Chapter 9 Notes

Public Opinion and Persuasion

  • Public opinion is elusive and extremely difficult to measure.
  • Types of leaders
    • Formal opinion leaders: hold positions such as elected officials, presidents of companies or heads of membership groups. Also called power leaders
    • Informal opinion leaders: those who have clout with peers because of some special characteristic. Role models who are admired and emulate or opinion leaders who can exert peer pressure on others. Highly informed, articulate and credible on particular issues.
    • 10 to 12 percent of the general public are opinion leaders.
    • Mass media means that information from a PR source can be efficiently and rapidly disseminated to literally millions of people.
    • Wayne Wanta has explored second level agenda setting effects, finding evidence that the media not only set an agenda but also convey a set of attributes about the subject of the news.
    • Mass media effects also are increased when people cannot verify information through personal experience or knowledge. Particularly in crisis situations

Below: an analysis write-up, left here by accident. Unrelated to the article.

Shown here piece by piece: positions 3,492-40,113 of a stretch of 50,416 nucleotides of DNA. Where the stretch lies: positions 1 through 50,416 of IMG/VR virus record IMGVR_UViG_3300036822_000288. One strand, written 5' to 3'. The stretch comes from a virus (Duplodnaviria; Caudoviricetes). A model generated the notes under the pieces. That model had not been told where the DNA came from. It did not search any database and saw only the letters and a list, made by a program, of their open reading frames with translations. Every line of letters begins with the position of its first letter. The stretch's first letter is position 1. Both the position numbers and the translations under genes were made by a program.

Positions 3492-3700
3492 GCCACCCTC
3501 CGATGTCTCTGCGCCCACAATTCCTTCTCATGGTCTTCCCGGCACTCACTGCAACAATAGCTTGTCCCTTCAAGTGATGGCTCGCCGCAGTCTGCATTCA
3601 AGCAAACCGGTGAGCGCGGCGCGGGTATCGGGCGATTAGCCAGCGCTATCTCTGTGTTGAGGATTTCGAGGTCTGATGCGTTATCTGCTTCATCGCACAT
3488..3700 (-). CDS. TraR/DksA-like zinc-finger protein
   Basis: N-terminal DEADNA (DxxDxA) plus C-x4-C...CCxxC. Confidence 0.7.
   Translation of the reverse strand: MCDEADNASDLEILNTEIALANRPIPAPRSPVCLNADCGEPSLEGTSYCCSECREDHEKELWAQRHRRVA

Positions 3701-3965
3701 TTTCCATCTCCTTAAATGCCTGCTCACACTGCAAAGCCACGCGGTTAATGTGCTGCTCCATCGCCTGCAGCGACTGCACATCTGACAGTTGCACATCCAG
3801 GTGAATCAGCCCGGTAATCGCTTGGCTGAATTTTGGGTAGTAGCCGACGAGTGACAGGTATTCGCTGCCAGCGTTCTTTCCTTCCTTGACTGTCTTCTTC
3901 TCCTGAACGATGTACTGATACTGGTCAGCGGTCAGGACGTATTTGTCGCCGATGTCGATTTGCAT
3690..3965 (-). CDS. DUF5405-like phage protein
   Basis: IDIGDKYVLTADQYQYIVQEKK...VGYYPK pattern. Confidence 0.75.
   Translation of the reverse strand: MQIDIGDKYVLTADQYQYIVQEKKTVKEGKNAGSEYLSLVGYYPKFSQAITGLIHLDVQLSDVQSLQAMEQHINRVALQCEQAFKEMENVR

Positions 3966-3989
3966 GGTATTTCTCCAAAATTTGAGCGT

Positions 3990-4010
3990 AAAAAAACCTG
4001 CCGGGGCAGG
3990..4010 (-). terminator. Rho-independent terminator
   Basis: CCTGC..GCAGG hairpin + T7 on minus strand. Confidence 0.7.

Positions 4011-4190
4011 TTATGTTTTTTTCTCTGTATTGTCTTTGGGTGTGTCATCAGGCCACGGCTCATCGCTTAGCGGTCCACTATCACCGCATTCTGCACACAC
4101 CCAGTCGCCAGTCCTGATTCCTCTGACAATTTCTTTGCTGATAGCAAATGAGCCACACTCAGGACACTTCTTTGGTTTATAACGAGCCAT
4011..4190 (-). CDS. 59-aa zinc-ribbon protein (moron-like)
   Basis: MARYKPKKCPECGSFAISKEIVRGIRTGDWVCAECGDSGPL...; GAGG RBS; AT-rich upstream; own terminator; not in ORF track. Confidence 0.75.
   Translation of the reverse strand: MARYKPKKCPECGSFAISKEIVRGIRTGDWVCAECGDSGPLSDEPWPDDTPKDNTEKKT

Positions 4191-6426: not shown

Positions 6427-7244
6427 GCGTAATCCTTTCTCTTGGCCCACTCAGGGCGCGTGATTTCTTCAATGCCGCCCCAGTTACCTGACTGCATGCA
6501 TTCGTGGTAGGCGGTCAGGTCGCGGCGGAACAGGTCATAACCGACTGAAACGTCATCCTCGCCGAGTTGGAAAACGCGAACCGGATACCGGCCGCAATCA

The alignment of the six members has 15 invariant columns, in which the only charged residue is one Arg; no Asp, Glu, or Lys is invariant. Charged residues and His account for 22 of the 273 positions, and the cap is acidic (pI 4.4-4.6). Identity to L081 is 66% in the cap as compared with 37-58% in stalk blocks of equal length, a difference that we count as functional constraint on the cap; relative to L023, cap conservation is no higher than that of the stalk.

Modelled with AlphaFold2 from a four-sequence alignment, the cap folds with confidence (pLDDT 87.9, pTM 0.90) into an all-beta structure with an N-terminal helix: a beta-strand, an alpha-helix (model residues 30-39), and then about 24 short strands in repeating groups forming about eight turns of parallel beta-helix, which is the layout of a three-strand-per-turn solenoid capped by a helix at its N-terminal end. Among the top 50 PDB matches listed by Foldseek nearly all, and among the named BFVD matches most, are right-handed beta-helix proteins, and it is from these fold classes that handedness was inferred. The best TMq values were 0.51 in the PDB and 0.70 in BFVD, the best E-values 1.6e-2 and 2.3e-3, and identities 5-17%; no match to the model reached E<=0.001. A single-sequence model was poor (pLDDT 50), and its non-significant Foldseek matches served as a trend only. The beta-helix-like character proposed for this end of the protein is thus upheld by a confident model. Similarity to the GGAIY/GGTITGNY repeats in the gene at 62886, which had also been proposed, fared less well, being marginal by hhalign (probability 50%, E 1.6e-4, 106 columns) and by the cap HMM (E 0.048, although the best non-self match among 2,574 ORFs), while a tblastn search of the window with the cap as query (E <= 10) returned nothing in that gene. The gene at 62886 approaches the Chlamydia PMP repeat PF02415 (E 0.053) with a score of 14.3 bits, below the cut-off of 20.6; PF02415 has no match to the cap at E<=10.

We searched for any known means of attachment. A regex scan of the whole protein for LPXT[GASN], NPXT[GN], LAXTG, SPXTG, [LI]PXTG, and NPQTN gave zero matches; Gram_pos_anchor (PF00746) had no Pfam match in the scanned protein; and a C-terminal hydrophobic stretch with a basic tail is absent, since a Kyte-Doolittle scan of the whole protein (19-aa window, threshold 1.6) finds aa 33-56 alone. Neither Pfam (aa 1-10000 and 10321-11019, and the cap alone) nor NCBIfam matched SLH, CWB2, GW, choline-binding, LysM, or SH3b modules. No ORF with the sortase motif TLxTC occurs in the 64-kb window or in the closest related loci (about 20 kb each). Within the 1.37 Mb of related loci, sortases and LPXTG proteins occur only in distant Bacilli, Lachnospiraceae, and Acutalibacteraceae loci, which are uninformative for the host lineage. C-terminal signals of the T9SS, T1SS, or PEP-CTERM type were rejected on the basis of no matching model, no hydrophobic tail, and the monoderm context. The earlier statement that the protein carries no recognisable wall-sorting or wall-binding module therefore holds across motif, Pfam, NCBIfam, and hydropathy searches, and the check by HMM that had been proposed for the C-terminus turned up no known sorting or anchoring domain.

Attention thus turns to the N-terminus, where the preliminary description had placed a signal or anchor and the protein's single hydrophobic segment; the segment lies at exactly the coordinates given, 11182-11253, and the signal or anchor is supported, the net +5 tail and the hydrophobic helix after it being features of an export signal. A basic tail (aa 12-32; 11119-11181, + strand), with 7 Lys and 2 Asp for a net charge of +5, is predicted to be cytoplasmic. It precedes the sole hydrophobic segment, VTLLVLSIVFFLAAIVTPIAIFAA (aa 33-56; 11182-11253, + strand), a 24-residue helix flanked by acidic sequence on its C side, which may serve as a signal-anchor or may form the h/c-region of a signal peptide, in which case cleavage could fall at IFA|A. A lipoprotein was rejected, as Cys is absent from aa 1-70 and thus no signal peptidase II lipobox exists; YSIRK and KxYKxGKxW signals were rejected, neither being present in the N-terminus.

• Framing theory
      • Impacts public understanding and consequently policy information
      • Conflict theory
        • Generate or promote conflict or controversy to gain positive position in the marketplace of ideas.
        • Persuasion is used to
  1. Change or neutralize hostile opinion
  2. Crystallize latent opinions and positive attitudes
  3. Conserve favorable opinions
  • Audience analysis
    • Psychographics- this method attempts to classify people by lifestyle, attitudes, and beliefs.
    • The most persuasive messages are direct, simply expressed and contain only on primary idea.

June 25, 2010. Uncategorized.

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